How Fast Can Wireless Power Charge?

How fast can wireless power charge? This is a bit of a trick question -- or at least a tricky question -- as are many of the questions about revolutionary innovations. The question doesn’t match the technology. 

For example, before the car was invented, all people wanted were faster horses, right? The question, “How fast can you make my horse run?” has nothing to do with the speed of a car. And before the Internet, the question, “How frequently can you update my encyclopedias and phone books?” has nothing to do with carrying an infinite amount of constantly changing information in your pocket.

A World of Constant Charging

When the world that has adopted real wireless power -- that is, power that is delivered like Wi-Fi signals without wires, charging pads, cables, or even carefully directed beams of energy or light -- the charging speed doesn’t matter, because the device will never need charging. It will always be charged.

At home, at the cafe, in stores, at work, all the devices that traditionally have needed disposable batteries or charging cables, adapters, or stations will no longer need batteries or charging. Each item that currently uses a battery -- rechargeable or disposable -- can now be wireless-power-enabled, like is currently possible with Ossia’s Cota’s tiny, micro-chip-sized receiver. It is surprising how little power our every day devices actually use on average, a phone consumes 4 AA batteries per hour, AppleWatch: ½ AA battery per day and a public bathroom towel dispenser? 1 AA battery per day. But charging any of these devices in one hour will need 24 times that power.

How Real Wireless Power Works

A single power transmitter in the room will establish how to power every Cota equipped device through their Cota circuit, from tablets to wearables to batteries in security cameras, and safely power the device when it needs to be charged, no matter what position it is in, even if you’re walking around with the device is in your hand or pocket. It will feel like how Wi-Fi finds and connects to your mobile device.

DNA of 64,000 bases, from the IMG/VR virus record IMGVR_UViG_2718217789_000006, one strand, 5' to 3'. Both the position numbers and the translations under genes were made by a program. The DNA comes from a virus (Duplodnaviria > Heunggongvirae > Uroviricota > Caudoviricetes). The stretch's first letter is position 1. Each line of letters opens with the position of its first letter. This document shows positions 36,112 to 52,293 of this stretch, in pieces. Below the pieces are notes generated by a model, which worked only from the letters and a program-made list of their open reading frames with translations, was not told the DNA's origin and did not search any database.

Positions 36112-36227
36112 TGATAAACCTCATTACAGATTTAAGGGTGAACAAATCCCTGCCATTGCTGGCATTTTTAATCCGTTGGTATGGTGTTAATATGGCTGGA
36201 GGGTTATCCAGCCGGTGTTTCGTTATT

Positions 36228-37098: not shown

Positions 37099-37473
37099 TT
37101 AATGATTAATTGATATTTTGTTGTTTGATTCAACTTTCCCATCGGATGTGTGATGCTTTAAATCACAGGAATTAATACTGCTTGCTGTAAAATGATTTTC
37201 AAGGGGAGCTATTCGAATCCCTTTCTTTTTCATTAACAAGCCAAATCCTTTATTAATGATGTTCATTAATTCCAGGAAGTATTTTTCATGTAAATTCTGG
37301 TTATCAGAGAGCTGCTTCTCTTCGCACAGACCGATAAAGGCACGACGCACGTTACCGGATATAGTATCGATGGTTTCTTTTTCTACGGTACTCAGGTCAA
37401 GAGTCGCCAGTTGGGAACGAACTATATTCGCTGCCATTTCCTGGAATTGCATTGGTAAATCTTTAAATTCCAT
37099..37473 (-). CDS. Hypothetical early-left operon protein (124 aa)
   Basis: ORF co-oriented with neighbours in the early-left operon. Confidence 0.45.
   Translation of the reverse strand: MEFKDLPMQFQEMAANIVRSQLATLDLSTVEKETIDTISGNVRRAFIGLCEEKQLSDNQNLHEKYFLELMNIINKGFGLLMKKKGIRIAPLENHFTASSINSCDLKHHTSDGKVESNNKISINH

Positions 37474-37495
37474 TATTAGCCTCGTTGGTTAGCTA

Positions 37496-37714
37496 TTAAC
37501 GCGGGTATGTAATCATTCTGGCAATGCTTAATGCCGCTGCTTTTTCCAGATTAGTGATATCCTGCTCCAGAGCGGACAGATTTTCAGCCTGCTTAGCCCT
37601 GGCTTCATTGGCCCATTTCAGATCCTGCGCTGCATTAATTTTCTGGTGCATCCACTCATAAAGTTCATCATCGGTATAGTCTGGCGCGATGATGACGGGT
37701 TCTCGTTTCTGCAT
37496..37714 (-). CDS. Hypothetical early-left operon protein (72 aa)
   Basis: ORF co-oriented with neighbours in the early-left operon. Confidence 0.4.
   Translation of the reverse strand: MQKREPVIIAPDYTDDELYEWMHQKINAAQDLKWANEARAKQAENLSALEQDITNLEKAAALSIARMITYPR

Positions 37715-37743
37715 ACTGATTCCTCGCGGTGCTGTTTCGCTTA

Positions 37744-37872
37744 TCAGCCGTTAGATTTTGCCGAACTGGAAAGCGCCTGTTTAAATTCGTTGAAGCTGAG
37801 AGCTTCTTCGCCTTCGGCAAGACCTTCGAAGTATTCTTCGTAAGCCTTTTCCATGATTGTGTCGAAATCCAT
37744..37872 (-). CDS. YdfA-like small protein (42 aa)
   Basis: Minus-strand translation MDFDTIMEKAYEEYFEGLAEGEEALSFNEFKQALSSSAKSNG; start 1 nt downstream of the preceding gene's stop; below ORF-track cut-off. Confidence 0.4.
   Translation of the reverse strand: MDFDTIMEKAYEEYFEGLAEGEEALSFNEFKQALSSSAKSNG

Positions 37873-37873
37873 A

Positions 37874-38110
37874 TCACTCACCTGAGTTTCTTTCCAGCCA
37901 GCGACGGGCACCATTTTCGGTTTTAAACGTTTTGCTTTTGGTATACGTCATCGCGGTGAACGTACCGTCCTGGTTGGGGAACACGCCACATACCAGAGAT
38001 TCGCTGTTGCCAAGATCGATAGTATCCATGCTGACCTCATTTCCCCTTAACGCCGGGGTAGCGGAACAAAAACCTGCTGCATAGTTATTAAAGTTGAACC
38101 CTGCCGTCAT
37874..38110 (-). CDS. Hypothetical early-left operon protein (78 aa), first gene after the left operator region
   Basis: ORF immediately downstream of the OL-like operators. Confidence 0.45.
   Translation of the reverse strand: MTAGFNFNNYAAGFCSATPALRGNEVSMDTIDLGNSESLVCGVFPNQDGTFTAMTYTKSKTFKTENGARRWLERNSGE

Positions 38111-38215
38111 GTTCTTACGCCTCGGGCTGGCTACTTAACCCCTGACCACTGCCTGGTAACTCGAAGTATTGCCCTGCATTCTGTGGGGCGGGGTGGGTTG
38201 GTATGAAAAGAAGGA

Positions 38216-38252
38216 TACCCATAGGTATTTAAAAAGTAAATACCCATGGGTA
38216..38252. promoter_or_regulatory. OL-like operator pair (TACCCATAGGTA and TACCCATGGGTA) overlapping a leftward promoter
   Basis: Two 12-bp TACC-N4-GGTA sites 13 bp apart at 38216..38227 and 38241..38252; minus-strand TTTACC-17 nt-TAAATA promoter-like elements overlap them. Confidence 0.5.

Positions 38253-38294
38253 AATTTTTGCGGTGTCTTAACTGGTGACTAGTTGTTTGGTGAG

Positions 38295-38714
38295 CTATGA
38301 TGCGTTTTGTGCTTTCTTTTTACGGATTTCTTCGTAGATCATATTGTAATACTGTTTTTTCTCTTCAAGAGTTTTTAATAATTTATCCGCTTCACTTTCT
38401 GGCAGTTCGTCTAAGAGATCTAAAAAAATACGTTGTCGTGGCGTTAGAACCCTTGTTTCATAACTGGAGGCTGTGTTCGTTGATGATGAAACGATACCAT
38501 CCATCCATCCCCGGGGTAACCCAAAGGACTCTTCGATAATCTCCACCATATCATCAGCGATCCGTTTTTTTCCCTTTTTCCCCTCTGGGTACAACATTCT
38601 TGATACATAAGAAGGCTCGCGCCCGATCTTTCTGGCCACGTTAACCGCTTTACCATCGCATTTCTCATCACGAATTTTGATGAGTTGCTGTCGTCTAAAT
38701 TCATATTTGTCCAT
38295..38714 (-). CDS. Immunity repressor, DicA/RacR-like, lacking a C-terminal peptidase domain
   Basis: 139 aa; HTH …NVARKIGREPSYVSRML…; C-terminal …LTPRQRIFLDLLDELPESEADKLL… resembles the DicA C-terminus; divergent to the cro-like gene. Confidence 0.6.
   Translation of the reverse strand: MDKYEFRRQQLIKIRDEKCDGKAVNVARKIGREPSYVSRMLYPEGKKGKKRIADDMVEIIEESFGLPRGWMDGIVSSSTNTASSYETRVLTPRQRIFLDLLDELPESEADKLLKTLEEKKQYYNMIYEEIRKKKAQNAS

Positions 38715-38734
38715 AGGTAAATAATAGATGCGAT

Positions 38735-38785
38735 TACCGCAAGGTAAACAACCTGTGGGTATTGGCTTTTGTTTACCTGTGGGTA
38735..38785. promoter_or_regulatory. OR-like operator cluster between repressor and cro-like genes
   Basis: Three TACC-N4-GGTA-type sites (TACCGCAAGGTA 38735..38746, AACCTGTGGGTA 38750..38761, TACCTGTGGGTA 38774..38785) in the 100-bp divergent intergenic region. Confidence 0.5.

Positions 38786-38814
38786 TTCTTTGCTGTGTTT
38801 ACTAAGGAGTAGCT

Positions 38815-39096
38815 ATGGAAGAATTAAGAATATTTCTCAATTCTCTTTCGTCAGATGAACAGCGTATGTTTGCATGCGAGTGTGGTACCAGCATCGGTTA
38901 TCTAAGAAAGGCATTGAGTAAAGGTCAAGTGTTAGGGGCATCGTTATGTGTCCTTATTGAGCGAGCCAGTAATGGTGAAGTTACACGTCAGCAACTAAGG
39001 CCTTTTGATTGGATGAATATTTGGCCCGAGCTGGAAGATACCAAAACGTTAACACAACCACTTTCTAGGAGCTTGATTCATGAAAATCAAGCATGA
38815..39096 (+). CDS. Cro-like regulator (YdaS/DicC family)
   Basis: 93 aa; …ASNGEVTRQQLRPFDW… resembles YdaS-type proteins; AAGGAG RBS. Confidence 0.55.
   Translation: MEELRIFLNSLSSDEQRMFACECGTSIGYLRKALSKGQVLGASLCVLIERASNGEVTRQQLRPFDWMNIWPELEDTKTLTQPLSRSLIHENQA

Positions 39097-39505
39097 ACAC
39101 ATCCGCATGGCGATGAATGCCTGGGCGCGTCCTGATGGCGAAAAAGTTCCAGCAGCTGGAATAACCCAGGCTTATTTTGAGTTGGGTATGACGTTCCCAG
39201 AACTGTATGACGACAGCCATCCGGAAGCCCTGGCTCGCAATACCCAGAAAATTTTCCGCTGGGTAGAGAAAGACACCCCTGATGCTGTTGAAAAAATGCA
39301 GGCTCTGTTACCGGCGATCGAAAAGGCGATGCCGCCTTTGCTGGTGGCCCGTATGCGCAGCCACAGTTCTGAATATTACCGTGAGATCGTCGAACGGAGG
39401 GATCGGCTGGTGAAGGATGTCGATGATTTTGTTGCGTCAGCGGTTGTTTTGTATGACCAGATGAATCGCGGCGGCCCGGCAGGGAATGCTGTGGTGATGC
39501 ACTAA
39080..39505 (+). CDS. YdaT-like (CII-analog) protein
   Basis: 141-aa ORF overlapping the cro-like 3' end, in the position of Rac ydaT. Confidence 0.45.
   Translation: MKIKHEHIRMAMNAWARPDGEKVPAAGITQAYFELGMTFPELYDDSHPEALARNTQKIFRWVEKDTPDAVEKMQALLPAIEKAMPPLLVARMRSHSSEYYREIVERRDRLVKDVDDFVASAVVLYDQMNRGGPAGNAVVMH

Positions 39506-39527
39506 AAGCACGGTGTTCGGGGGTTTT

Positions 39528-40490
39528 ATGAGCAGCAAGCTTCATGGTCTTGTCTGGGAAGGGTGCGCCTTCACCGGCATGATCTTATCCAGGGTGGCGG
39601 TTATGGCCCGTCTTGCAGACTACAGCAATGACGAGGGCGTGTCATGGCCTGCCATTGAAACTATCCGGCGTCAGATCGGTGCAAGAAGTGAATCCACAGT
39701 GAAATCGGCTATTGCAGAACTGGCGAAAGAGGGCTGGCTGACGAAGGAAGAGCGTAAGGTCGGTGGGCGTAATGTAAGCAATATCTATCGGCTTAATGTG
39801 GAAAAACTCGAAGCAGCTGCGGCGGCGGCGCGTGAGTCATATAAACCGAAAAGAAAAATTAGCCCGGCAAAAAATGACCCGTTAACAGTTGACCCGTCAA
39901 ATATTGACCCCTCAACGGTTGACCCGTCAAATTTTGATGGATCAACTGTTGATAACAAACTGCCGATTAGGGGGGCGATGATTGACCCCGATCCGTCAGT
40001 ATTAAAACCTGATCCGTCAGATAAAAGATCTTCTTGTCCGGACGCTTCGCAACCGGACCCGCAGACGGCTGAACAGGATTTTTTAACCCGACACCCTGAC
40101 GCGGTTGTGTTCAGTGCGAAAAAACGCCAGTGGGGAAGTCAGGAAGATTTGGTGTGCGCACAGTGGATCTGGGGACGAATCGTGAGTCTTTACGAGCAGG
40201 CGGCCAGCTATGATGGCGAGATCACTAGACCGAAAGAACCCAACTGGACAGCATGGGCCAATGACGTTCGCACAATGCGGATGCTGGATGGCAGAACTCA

Wireless Power on the Go

Of course, we’re not always going to be in a room that has Cota wireless power capabilities. We might be in our car traveling across the state. The good news is that automotive and transportation manufacturers are embracing wireless power faster than they usually do with new technology. Your next car will likely have a wireless power transmitter built right in, so you don’t have to worry about remembering power adapters or plugging in on the road.

In fact, devices may charge even faster in your car than home or work, because, at least with Cota, phones are estimated to charge at a faster rate because of having fewer devices in the vehicle. 

 And if you’re outside? That’s when your device will disconnect from the wireless power source, and will need charging when you return to a wireless power location. Thankfully, you don’t have to remember to plug it in when you get there. Today, our wireless power technology, Cota, operates at 2.4GHz frequency. As we evolve and explore even more advanced techniques, we expect to increase power delivery rates to top off the battery quicker and enable new devices.

The Wireless Power Ecosystem Enables Always-Charged Devices



The bottom line? We all need to consider the entire ecosystem when thinking about the daily effectiveness of wireless power charging. That’s why Ossia is working on building the ecosystem by facilitating wireless power deployment at retail, coffee shops, restaurants, home, office, transportation terminals, and many more locations. 

The stronger the ecosystem, the less consumers will have to worry about how “fast” their devices will charge, because there will be power everywhere, all the time. Get ready to experience 99% battery level the rest of your life, because devices will be automatically tapping into power everywhere, much like we depend on Wi-Fi and data connections today.

 Imagine, your future phone will not even show you the battery level, since you need not worry about it any longer.